With eCommerce booming, vision provider Cognex is helping to accelerate warehouse automation with a range of standard, easy-to-use logistics solutions.
The global increase in eCommerce triggered by the Covid-19 pandemic saw functions within warehouses stretched to breaking point as businesses struggled to fulfil record volumes of goods. Furthermore, consumer demands for greater levels of availability, affordability, speed and sustainability drove companies to seek ways to increase throughput without sacrificing accuracy.
There are two fundamental ways a warehouse can process throughput higher than it was originally designed to do – either invest in additional infrastructural capacity or find ways to maximise its existing assets. The latter is normally the most cost-effective option but is often limited by factors such as available space. However, the simplest ways to increase the rate at which boxes, parcels, packets and cartons are conveyed – placing the items closer together on the conveyor, or increasing the speed of the belt, or both – means existing scanning technologies may struggle to accurately read items at speeds with which they were not designed to cope.
Next-Generation Scanning Technology
Whilst the capabilities of scanning technology are constantly evolving, poorly printed, torn, or otherwise damaged labels and barcodes can prove to be a barrier. A solution to reducing and eliminating misreads lies with next-generation machine vision hardware and lighting which performs better and decodes better with every new release. The latest cameras are capable of cycling at much faster rates and therefore offer multiple shots of a single barcode as it progresses through its field of view, allowing the software multiple opportunities to understand the data it is asked to process. “That multiple shot enables us to look at more symbologies and angles at a higher resolution,” says Piers Quarry, Strategic Manager, Project Solutions Team at machine vision provider Cognex. “We are seeing increasingly better performance on shiny materials, odd angles, slightly crinkled labels, which previously may have been misread.”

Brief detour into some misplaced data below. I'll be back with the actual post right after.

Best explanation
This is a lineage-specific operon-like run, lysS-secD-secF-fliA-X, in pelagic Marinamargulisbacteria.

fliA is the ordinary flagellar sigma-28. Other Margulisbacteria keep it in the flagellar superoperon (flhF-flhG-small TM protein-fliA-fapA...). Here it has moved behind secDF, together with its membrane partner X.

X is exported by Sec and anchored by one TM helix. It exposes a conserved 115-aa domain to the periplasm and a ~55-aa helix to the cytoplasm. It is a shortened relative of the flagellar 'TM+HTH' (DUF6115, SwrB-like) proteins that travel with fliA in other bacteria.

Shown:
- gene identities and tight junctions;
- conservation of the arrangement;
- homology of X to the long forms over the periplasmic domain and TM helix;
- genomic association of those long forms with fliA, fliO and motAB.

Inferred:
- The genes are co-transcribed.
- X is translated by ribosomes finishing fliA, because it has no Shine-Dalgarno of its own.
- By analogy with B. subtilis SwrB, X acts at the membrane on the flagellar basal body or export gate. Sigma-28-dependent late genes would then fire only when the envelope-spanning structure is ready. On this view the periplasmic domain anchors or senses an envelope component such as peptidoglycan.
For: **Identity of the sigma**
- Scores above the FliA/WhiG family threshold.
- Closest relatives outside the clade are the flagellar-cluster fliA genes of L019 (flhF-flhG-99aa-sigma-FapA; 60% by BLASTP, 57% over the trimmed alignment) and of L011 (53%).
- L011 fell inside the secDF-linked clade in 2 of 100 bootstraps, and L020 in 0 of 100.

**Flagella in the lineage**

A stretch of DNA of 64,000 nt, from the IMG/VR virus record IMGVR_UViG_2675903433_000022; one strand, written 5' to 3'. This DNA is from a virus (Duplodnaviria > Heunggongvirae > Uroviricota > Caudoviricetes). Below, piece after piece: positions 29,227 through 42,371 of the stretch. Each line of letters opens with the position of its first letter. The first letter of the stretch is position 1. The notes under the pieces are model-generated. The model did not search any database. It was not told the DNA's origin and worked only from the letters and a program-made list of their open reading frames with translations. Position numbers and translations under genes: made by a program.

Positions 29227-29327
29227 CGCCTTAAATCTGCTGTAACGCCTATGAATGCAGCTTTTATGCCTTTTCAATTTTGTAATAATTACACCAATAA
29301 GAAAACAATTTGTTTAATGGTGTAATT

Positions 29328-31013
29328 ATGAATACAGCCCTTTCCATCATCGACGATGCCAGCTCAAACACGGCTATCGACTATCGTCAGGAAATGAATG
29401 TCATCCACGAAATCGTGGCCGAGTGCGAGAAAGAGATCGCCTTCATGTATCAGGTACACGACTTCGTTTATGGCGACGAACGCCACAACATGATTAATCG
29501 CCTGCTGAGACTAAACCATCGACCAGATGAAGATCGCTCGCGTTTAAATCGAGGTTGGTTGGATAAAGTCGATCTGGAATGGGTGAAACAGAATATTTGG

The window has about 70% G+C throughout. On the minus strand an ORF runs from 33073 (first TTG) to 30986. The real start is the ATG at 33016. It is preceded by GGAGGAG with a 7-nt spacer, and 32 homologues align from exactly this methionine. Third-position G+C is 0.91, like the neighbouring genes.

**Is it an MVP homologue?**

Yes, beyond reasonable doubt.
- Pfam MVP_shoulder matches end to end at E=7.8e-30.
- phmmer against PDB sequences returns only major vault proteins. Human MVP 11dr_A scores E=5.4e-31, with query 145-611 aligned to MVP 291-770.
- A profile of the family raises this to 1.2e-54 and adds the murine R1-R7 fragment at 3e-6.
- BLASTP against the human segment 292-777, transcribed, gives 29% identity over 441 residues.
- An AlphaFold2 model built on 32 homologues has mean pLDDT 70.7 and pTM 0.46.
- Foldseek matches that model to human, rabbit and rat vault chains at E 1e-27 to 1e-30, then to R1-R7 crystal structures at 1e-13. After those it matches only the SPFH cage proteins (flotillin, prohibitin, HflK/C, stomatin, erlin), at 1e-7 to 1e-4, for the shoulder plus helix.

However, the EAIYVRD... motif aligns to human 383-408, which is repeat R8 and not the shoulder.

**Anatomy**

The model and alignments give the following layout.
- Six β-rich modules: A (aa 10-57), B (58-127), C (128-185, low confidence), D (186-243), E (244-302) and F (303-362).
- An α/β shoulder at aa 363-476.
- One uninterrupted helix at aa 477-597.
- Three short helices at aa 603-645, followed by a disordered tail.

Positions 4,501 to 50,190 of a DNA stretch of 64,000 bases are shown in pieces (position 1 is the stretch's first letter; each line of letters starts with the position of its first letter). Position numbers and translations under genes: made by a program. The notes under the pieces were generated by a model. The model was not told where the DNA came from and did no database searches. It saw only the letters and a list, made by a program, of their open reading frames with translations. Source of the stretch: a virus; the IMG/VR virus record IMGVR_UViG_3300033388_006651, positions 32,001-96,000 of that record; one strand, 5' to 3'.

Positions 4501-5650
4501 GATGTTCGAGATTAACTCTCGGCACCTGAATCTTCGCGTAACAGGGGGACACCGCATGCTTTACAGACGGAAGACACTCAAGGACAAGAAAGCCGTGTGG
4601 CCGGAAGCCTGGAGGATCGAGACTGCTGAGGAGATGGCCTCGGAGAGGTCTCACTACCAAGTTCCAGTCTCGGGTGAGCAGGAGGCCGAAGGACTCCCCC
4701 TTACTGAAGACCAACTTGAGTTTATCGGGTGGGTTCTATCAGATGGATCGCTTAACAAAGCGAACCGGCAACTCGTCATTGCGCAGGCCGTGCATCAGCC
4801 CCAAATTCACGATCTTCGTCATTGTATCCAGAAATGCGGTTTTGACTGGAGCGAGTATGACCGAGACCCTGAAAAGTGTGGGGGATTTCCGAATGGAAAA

To overcome the challenge of items placed closely together on a conveyor, the latest iteration of vision scanning technology features the steepest-ever camera angles. Combined with (3D vision) technology for precise barcode assignment, the barcodes of two packages in close proximity can be very accurately assigned not just to the correct package, reducing misreads while increasing throughput, but also to the right face on that package, giving extra data that adds intelligence to the system. “We’re striving to get camera angles as steep as possible to look down between items and achieve that higher throughput,” says Quarry.
Ultimately, these high-throughput facilities have the most to gain by incremental increases in performance of scanning technologies. But many much smaller businesses with a logistics function within their operations can also benefit greatly from some of the simpler scanning technologies currently on the market.
Even the simplest hands-free barcode scanning solutions, many of which are ‘plug-and-play’, feature high levels of functionality. Offering next-generation lighting, a variety of fields-of-view, and benefits such as a high-speed steerable mirror (HSSM) to move the field of view with the operator, they can be tailored to suit businesses of every shape and size. Previously, pallet scanning, aggregation, and large area scanning functions required expensive, high-resolution PC-vision, or two or more smart cameras to successfully read the high volume and variation of barcodes. Now, an HSSM attached to Cognex’s DataMan 470 fixed-mount barcode reader can provide a high-performance, cost-effective solution for large field of view applications.
“These simple hands-free solutions are opening people’s eyes to what they can do with barcode reading,” says Quarry.
The warehouse of the future will rely on the integration and optimisation of multiple logistics functions all incrementally improving as they collect and analyse data along every step of the way, from goods-in to dispatch. Vision scanning will play a significant part in the outright effectiveness of the facility, for any one bottleneck in the system has implications for the overall efficiency of the entire operation.
“Vision in logistics is a most exciting area for us,” says Quarry. “Cognex is a visionary company which, in logistics, has previously been heavily concentrated on barcode readers. But actually, its pedigree is about using vision for multiple applications across multiple industries. That makes us very excited about being able to deploy more of that into the logistics industry to optimise this cutting-edge sector.”
Whatever the size or shape or location the warehouse of the future will be, one thing is certain – vision technology will be key to accelerating warehouse automation.